Descriptive statistics were used to summarize the data. Micromotions and stresses within bone and cement were summarized in boxplots across the five loading configurations as applied on the five anatomical models, thereby resulting in 25 results per outcome for each of the 6 glenoid components. Differences between glenoid components were evaluated using pairwise Wilcoxon Rank Sum tests with Bonferroni correction. Statistical analyses were performed with R version 3.1.1 (R Foundation for Statistical Computing, Vienna, Austria). P values < 0.05 were considered statistically significant.


Cement stresses

Lower average cement stresses were observed in both hybrid components compared to the all-PE pegged- and keeled-components, but pairwise comparisons only revealed statistically significant differences between the I-hPG hybrid pegged-component (2.9 ± 1.0 mPa) and the all-PE keeled components (U-KG: 3.8 ± 0.9 mPa, p = 0.017; A-KG: 3.6 ± 0.5 mPa, p = 0.014; I-KG: 3.6 ± 0.5 mPa, p = 0.040) (Table 3, Fig. 6).

Table 3 Implant micromotion, cement and bone stresses, and critical cement volume for all-polyethylene and hybrid glenoid components among all patients and load configurations
Fig. 6
figure 6

Boxplots of the pooled cement stresses among patients for each of the glenoid components

Bone stresses

No significant differences in stresses within cortical (range, 1.7 to 1.8 mPa) and trabecular bone (range, 0.7 to 0.8 mPa) were observed among the different glenoid components (Table 3, Fig. 7).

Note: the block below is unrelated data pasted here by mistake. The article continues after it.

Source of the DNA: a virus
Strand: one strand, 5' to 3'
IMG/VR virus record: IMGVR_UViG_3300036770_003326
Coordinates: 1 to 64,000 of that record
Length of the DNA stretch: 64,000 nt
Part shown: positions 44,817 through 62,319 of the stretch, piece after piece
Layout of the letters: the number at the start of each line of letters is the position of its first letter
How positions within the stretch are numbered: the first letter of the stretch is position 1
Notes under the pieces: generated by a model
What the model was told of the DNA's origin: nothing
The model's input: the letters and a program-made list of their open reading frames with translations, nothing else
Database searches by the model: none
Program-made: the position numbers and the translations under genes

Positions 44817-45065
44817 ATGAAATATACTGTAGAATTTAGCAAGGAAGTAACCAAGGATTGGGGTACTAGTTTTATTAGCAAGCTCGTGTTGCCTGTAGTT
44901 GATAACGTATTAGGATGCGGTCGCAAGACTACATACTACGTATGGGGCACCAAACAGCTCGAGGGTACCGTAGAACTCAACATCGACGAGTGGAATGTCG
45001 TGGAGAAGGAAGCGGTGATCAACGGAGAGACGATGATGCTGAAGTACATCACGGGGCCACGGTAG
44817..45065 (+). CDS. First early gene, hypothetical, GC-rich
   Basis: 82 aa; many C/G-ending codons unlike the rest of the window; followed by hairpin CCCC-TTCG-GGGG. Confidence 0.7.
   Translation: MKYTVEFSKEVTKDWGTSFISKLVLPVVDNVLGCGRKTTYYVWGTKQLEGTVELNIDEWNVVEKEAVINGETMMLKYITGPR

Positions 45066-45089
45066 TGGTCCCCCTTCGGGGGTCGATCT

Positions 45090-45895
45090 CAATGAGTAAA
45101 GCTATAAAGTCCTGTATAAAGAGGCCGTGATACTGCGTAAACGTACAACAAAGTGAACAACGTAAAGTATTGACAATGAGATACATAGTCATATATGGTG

Fig. 7
figure 7

Boxplots of the pooled bone stresses among patients for each of the glenoid components. a Cortical bone stresses. b Trabecular bone stresses


Micromotions were significantly higher using the I-KG all-PE keeled-component (12.5 ± 11.0 µm), compared to the A-KG all-PE keeled-component (8.6 ± 8.6 µm, p = 0.037) and I-hPG hybrid pegged-component (7.9 ± 7.4 µm, p = 0.008) (Table 3, Fig. 8).

Fig. 8
figure 8

Boxplots of the pooled implant micromotions among patients for each of the glenoid components

Failure analysis

For all patients and loading configurations, only the E-hCG hybrid caged-component exceeded the implant micromotion threshold of 75 µm on 2 occasions: First, the maximum displacement was 93.8 µm for an anterior joint reaction force in the model of Patient 1; and second, the maximum displacement was 80.8 µm for a central joint reaction force in the model of Patient 3. For all patients and loading configurations, no statistically significant differences were observed among the different components (Table 3, Fig. 9).